For VSA CEO Steve Goodman, the urgency and effect of the pandemic on the organisation’s operations has been profound but has also offered some opportunities. “One of the things about Covid is it brought into sharp and immediate focus the need for changes to the way we do things. Changes that were, in retrospect, inevitable.
“The changes in the way the world connects, demographic change, climate change - all of these issues were, over the next five to ten years, going to force us to reassess how we do things and what good outcomes look like.”
In its 59 year history VSA has evolved to meet the changing needs of its partners, and this change has long been part of the organisation’s internal conversations. VSA Chair Hōne McGregor says the pandemic has been an opportunity to look at VSA’s work through a new lens. “We’ve had ongoing discussions with our partners, with our volunteers, with our key stakeholders. There’s no silver bullet but we have this mosaic of modalities and approaches that reflect a new best practice that we were already reaching toward before the pandemic.”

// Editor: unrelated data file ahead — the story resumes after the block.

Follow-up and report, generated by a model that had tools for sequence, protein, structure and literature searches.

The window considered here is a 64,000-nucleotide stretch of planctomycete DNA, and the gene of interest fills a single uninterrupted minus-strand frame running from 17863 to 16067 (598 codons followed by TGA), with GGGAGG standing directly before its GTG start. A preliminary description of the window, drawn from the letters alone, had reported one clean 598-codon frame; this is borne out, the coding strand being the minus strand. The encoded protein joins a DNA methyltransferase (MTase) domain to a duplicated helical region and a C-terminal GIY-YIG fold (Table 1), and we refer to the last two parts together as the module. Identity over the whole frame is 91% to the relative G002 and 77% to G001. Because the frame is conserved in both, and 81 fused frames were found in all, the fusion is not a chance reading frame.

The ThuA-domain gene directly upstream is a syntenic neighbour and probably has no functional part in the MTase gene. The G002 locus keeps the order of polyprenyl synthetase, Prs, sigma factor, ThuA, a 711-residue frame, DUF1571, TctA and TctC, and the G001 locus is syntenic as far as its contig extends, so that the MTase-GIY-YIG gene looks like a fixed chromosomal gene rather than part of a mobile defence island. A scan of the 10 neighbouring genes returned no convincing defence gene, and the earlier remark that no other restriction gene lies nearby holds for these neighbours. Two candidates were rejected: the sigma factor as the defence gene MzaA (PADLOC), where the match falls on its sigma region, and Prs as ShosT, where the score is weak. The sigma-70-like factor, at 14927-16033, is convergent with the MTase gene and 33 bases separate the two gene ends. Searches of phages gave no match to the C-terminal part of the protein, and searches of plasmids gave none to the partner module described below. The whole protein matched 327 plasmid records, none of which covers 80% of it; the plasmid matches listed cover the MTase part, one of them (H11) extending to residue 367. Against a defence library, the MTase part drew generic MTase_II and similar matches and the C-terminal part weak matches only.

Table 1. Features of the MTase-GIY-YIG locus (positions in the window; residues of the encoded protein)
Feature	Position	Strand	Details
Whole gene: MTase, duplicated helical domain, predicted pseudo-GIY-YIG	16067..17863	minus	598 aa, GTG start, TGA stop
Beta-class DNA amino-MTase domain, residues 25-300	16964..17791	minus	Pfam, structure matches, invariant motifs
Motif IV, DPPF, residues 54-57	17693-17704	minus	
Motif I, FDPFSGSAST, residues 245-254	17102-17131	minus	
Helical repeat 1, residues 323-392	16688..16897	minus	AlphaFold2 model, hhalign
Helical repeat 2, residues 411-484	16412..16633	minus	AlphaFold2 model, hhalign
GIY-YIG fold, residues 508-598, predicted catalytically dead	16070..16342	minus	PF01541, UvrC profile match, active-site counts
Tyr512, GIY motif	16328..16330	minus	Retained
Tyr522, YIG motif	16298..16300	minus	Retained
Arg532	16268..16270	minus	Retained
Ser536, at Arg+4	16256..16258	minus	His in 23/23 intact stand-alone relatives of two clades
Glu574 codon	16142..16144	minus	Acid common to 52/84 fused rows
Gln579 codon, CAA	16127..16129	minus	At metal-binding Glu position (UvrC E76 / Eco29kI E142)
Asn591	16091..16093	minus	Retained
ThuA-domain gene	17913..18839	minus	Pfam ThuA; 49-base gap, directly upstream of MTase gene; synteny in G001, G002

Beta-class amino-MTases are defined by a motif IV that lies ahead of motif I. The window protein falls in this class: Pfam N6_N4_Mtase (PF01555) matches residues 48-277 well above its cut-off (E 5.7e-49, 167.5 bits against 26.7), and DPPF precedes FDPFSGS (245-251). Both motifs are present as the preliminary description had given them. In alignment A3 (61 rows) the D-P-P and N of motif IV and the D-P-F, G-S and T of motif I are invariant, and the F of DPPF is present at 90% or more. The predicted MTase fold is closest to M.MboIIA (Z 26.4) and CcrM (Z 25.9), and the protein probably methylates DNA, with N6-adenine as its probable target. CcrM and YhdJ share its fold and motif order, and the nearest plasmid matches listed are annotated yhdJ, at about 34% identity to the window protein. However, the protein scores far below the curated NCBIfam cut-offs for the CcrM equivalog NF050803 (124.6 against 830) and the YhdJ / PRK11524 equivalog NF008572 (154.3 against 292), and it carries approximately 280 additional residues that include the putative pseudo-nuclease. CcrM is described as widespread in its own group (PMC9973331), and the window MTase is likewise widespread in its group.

One of the questions in that conversation has been “what does a good development outcome look like?”. “Localisation is the big shift,” says Steve, “it’s a global shift, and I think it’s part of the maturing of the development sector. It’s the understanding that enduring capacity building and enduring change has to be driven locally.
And VSA’s work doesn’t just have to be joined up at a local level. There’s also a recognition that there has to be greater coherence within the sector in New Zealand. Hōne describes this in terms of a platform, “We’ve looked internationally as part of our review process and we’ve picked up a gap in New Zealand’s strategy around aid and development - we need a national volunteering strategy that we can launch from.”
Steve says a key component of establishing that joined up strategy is the work VSA does with the Ministry of Foreign Affairs and Trade (MFAT). “With our partnership with MFAT there’s a lot we can do in that space to build something that’s quite succinct but operates as a framework for what we do.”
“It’s been a tough year and we’ve had to make some tough decisions like the decision to, for the first time in our history, bring all of our volunteers back home. And I think what we’ve learned is that the work that we do is needed and has a place, but it needs to work differently so we’ve been reconfiguring ourselves to meet the challenges of this new environment.
“This is something that a lot of organisations in this space are realising now. That to work in a dynamic space, you have to be able to work dynamically within your organisation. I’m really proud of how VSA and our people have adapted to this, and I’m looking forward to our future and the change it will bring.”